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Speed Up KDE Plasma

Among all the desktop environments available in Linux world, my most favorite on is KDE Plasma for its awesome look and polished feel. It also comes up with its own set of tools that perfectly match the entire theme. It really gives a fresh feel every time I’m using my Linux machine.

However, for all the gloss and polish, KDE Plasma is a resource-heavy desktop environment. If your system is low on hardware resource, then running other desktop environments is strongly recommended.

Over time, you may feel like your KDE Plasma is becoming slower and slower. If you’re being annoyed of a slow KDE Plasma environment, consider the following tips for refreshing the environment and enjoy the full potential of your system!

Note that all the following steps were performed on my Kubuntu 18.10 system. However, these tricks should work perfectly on any other Linux distros using KDE Plasma.

KDE Plasma speed-up hacks

  • Update the KDE Plasma

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KDE Plasma is a fine and well-maintained project. It gets updated and tweaked on a regular basis for proving the freshest feel and features to the users. If you’ve been using your system for a quite long time, it’s highly likely that your KDE Plasma is out-of-date.

From the menu, type “Discover” (without quotes) –

Discover is the default software center of KDE Plasma desktop.

From the bottom-left corner, select the “Updates” tab.

Hit “Check for Updates” >> update all the software possible. In my case, all my software are up-to-date.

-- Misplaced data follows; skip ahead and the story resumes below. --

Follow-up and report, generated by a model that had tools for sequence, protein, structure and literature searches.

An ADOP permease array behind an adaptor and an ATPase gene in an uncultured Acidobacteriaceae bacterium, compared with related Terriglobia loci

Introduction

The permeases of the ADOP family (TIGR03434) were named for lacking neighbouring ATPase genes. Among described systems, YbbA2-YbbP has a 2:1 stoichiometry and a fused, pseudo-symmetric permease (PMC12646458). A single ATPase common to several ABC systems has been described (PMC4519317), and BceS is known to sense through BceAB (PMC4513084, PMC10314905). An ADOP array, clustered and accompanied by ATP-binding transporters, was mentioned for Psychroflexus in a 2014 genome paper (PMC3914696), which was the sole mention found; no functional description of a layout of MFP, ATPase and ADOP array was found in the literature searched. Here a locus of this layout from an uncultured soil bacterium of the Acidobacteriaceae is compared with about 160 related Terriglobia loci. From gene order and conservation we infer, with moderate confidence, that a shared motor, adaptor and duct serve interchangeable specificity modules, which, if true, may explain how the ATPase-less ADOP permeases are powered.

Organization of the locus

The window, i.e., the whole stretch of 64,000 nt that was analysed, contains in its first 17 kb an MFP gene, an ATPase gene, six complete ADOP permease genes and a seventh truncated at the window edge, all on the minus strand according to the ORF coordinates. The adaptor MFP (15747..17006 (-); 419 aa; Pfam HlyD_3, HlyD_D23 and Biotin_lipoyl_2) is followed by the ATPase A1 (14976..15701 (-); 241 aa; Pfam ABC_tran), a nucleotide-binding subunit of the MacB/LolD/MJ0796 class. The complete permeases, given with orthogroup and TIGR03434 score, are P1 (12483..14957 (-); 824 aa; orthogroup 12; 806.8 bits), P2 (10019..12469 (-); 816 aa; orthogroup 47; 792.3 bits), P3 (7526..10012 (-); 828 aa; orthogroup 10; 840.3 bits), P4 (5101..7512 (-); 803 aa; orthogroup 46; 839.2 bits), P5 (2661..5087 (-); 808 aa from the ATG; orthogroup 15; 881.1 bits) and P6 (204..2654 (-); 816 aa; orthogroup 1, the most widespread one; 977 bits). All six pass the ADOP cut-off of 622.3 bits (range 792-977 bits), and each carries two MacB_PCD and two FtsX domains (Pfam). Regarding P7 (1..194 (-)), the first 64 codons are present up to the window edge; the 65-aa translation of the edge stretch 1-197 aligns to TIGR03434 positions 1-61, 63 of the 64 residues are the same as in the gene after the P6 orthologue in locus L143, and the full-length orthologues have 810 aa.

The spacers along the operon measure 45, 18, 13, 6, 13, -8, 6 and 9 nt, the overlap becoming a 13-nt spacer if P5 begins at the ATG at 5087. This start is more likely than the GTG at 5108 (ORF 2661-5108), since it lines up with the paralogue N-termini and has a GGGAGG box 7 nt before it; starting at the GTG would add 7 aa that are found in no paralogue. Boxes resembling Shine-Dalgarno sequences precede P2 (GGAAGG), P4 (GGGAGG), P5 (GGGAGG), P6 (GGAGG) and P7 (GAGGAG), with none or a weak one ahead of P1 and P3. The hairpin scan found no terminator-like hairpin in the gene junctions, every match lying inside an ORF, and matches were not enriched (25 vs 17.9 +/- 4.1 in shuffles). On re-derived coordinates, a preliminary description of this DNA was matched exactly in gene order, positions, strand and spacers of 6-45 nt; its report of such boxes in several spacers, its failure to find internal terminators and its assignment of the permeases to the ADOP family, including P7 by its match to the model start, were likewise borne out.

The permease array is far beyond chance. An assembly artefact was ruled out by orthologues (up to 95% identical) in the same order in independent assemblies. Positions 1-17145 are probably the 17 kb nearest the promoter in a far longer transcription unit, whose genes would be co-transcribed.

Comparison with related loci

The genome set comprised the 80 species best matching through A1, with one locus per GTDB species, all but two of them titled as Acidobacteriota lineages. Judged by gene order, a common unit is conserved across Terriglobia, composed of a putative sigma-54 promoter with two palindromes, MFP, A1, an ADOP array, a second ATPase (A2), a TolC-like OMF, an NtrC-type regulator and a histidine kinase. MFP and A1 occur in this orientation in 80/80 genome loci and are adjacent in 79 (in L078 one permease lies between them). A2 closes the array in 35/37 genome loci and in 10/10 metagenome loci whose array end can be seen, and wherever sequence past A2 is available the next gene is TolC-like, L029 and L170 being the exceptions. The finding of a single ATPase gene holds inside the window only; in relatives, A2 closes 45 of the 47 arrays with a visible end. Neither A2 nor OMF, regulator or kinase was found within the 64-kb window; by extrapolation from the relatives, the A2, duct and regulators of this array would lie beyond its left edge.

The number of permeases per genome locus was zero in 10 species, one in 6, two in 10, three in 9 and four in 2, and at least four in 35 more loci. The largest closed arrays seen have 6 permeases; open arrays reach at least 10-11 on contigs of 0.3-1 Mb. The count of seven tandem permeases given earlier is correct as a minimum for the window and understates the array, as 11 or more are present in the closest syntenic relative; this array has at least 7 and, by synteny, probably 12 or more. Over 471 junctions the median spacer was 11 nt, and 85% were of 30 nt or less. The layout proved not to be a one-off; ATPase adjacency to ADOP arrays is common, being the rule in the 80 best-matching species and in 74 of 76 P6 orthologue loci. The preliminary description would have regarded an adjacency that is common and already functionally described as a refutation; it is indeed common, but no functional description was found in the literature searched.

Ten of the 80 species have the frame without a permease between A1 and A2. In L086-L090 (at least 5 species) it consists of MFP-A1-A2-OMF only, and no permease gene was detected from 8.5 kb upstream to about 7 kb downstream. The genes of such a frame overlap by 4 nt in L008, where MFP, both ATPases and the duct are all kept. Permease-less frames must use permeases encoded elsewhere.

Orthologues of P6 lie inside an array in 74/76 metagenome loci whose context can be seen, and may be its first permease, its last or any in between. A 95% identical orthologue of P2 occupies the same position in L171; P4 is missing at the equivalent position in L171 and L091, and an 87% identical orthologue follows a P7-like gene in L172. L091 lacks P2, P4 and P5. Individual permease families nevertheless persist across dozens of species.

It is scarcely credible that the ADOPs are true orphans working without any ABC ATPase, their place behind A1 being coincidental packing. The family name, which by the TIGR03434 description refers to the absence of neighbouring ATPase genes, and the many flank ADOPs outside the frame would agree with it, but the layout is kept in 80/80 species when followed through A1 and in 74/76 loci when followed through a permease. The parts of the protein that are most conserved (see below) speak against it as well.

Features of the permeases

• Desktop effects

In the KDE Plasma, there are numerous desktop effects. All the effects force a heavy load on the hardware. If your system is low on hardware resource, turning down the effects is a good place to speed things up.

From the menu, type “effects” >> select “Desktop effects”.

As you can see, there are tons of effects ongoing in my system. In your case, the selections may be different.

Once you’re done, hit “Apply” >> “OK”.

  • Remove Akonadi

Akonadi is a robust service of KDE Plasma that allows apps to directly interact data with the KDE Plasma. It doesn’t make a noticeable difference in the case of high-end computer systems but it can definitely hurt low-end machines.

Run the following command(s) according to your Linux distro –

  • Ubuntu
sudo apt remove akonadi --purge
  • Debian
sudo apt-get remove akonadi --purge
  • Fedora
sudo dnf remove akonadi
  • OpenSUSE
sudo zypper remove akonadi
  • Arch Linux
sudo pacman -Rsc akonadi

Then, restart your computer.

  • Changing window managers

By default, KDE uses its own window manager. The window manager is greatly responsible for putting all the loads on your CPU and GPU. In that case, you should switch to a lighter one like Openbox. Openbox is a great one that’s easily compatible with KDE Plasma without any tweaking!

Run the following command(s) according to your Linux distro –

  • Ubuntu
sudo apt install openbox openbox-kde-session

  • Debian
sudo apt-get install openbox openbox-kde-session
  • Fedora
sudo dnf install openbox-kde
  • OpenSUSE
sudo zypper install openbox-kde
  • Arch Linux
sudo pacman -S openbox

Then, restart your system and login using the KDE/Openbox session.

Voila! Your system should perform like brand new again!

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  1. Thank you!
    It was very usefull to me, every post about Linux and your tools bring me something new.

    Merry Christmas and have a nice week.

  2. Thank you. Unfortunately the kde/openbox option does not appear on my login screen. I don’t know why. Maybe because the I changed LXQT into KDE in the first place. I’ll try a fresh install.
    Nonetheless, thank you for the article.
    Very informative.


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